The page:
The personal infrastructure for telemedicine is already in place across much of the United States, in the form of video-enabled smartphones. According to the latest PEW research, 64% of Americans own a smartphone. In theory, this provides them with the basic means to access remote, video-based health care. Smartphones will likely serve as first means of exposure to such services for many people.

 

More advanced, capable systems (such as dedicated telemedicine kiosks) however are far from established. Aside from a few test programs in select areas, there is no nationwide, professional infrastructure or technology for telemedicine. This hinders adoption and limits the use of telemedicine to basic, preventative care that can be conducted entirely remotely. Dedicated kiosks can greatly expand the use-case for telemedicine, by incorporating sensors, multiple cameras, and other advanced technology. Further investment from telemedicine vendors and insurance companies could help to boost the nationwide profile of telemedical services and expand access for many Americans.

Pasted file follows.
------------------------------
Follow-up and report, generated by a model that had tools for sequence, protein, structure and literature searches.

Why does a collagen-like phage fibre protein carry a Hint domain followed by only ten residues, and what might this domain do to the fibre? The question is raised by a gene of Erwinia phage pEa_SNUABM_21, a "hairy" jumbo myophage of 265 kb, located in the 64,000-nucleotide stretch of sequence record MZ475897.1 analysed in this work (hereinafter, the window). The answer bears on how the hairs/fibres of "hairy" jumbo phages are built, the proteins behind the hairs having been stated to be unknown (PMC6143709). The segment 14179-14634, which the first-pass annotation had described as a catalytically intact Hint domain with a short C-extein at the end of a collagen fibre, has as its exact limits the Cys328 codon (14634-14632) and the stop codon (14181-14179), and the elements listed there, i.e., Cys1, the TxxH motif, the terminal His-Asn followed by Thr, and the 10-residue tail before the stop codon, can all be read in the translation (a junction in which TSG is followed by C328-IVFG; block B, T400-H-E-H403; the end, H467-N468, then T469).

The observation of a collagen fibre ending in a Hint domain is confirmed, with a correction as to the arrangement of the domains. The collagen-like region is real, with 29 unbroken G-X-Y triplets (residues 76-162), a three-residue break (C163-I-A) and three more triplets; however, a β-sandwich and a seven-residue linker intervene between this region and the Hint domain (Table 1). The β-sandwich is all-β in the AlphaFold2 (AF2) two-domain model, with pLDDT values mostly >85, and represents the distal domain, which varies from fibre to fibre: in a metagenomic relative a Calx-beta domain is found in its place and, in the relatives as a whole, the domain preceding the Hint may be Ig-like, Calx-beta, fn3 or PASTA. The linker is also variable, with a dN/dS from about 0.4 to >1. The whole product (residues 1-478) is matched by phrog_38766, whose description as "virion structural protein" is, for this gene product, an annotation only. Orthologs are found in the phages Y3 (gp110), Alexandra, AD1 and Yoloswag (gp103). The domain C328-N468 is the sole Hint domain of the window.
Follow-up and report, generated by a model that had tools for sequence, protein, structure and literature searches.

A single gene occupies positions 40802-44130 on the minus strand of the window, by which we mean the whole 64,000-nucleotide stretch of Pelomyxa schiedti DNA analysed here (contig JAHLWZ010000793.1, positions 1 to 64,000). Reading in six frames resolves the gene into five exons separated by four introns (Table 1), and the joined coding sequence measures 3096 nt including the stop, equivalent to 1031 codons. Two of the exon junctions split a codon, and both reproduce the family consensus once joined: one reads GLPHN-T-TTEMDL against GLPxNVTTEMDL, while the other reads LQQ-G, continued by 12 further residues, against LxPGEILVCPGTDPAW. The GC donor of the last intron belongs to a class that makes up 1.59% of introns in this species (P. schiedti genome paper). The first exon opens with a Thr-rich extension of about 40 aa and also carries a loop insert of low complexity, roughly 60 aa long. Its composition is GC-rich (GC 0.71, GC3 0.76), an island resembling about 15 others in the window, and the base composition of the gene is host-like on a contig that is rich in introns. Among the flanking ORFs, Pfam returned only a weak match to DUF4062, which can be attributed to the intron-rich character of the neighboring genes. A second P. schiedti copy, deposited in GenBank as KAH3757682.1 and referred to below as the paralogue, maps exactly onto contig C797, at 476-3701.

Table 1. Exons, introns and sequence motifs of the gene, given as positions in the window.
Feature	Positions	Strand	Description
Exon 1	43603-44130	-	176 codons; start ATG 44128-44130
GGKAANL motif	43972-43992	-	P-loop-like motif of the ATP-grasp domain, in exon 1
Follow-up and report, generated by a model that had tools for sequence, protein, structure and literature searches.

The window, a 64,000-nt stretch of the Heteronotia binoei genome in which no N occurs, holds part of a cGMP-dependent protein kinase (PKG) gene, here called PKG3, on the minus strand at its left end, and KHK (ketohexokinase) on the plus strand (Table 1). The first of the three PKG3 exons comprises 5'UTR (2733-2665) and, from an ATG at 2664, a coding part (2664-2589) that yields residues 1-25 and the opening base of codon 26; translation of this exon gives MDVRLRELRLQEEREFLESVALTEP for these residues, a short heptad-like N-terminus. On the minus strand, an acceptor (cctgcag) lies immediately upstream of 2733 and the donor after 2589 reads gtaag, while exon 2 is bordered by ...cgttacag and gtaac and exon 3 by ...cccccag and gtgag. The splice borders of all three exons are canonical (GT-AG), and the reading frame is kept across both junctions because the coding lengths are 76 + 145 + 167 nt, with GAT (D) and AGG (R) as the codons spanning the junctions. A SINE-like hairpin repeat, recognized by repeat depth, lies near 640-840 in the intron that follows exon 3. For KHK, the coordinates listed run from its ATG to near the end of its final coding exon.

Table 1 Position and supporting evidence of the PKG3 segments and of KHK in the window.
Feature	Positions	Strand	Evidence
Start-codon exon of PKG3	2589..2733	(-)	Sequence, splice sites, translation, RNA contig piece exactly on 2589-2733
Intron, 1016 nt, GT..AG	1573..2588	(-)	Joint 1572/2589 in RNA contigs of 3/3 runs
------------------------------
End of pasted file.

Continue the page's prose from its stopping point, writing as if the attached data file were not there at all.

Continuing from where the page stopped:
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Putting Precision Medicine For Cancer At Work In America's Largest Hospital

Putting Precision Medicine For Cancer At Work In America's Largest Hospital | Healthcare and Technology news | Scoop.it

In one of the largest initiatives of its kind, the for-profit hospital chain Hospital Corporation of America (HCA) has embarked on a plan to molecularly profile the tumor of cancer patients, marry the genomic information to clinical data from a patient’s electronic health record, and recommend targeted therapies.